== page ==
RV Parky is a great tool for finding RV parking and reading reviews from others who’ve stayed there. Other good options include All Stays and Harvest Hosts (a paid service).
If you’re planning on-street parking, first make sure it’s allowed. The first night I had my RV, I parked it on my street, not realizing that the city prohibited overnight parking for oversized vehicles. That was $75 down the drain within 12 hours of owning the darn thing, which I could have easily avoided.
7. If you’re driving coast-to-coast, budget in the neighborhood of $3,000 for gas and other expenses
The not-so-great part about van life is that it’s not a cost-effective way to travel.
Why? They are really heavy, causing you to burn through a lot of gas. On our 10,000+ mile trip, we spent about $3,000 just in gas. At the time, the average price per gallon was around $3.00 (shout out to Missouri for the $1.70 per gallon gas). Plus, spending several days on the road means you’ll probably end up spending more money on food and drinks than usual. And if you want to stay in an RV park one night, the price can be just as much as a motel.
Before you hit the road, make a list of all these budget categories and try to estimate how much you’ll spend on each. The trip might cost more than you realized. Set aside enough savings to cover these costs, and spend some time saving up if you need to.
8. Literally schedule time to enjoy the ride
In the span of about a month, I got to see mountain goats hop up the cliffs in Zion, stand at the base of Mount Rushmore, watch a lightning storm over the Badlands, camp alongside bison in Yellowstone, get sprayed by the Niagra Falls, listen to country music in Nashville, see Elvis’ grave in Memphis, sit on the steps of the Lincoln Memorial, take my dogs swimming in the Colorado River, and so much more.
So if you have to haul your RV across the country, why not enjoy it? Schedule time to make stops along your route, and buffer a couple of extra days into your schedule in case you want to make an unscheduled stop or spend more time in one area.
What if I want to ship my RV instead?
Fair enough. As fun as an RV road trip can be, I will admit that it’s also stressful to drive that far. Not to mention, it’s just a bit time-consuming.
Maybe you just bought a new RV that’s several hundred miles away and you want it ASAP. Or maybe you want to post up at an RV resort without making the long drive to get there, or you have a trailer-style RV but no truck to haul it yet. Whatever the case, you might consider shipping your RV instead.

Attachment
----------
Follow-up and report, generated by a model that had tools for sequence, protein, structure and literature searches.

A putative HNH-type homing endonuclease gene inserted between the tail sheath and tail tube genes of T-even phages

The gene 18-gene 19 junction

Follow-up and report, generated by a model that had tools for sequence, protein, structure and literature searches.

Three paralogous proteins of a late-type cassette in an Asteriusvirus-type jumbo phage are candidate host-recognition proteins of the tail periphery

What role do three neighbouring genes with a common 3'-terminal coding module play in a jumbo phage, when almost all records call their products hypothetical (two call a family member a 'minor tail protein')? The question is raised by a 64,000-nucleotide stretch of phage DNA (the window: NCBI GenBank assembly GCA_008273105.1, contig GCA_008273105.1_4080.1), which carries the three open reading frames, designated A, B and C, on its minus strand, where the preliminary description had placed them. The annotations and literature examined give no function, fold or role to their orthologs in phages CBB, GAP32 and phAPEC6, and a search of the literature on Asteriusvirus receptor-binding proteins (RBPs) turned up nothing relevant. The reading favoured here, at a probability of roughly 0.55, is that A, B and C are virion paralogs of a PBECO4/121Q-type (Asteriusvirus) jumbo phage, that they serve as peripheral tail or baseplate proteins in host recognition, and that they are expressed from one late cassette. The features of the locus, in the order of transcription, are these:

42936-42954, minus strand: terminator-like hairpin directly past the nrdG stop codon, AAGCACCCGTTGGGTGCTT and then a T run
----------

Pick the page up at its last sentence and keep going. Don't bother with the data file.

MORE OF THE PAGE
It might feel counterintuitive to ship an RV cross-country, but it’s really not! There are plenty of services that do just that. Here are a few ways you can ship an RV:
- Towing: One option is to have the moving service use a specialized vehicle and equipment to tow the RV to its new destination. However, this may not be the best option for shipping cross-country.
- Flatbed: The moving service will use a large truck with a flatbed trailer to haul your RV long-distance (usually tugged along with several others).
- Driving: You can hire a driver to personally transport your RV to its destination.
You should take all the precautions outlined above to be sure your RV is safe to haul and nothing gets damaged. Additionally, turn off any electronics, and totally disconnect the power supply and gas lines.
How much does shipping an RV cost?
As far as the cost to ship an RV, it will depend on the size of the vehicle and how far it needs to go.
If you’re shipping an RV less than 1,000 miles, the average cost is $1.05 per mile. However, if you need your RV shipped further, the average cost jumps to $3.32 per mile. Other factors, such as gas prices and season, may increase costs.
Moving an RV long-distance isn’t for the timid. You have to be comfortable spending a lot of time behind the wheel, navigating unknown roads and towns, sleeping in a different location every night, and being flexible with your schedule.
If that doesn’t sound appealing to you, it’s okay; you can pay someone else to do it, as long as you can come up with the cash. For my final tip, ask professional long-distance movers what they charge for car shipping—it could save you a lot of money!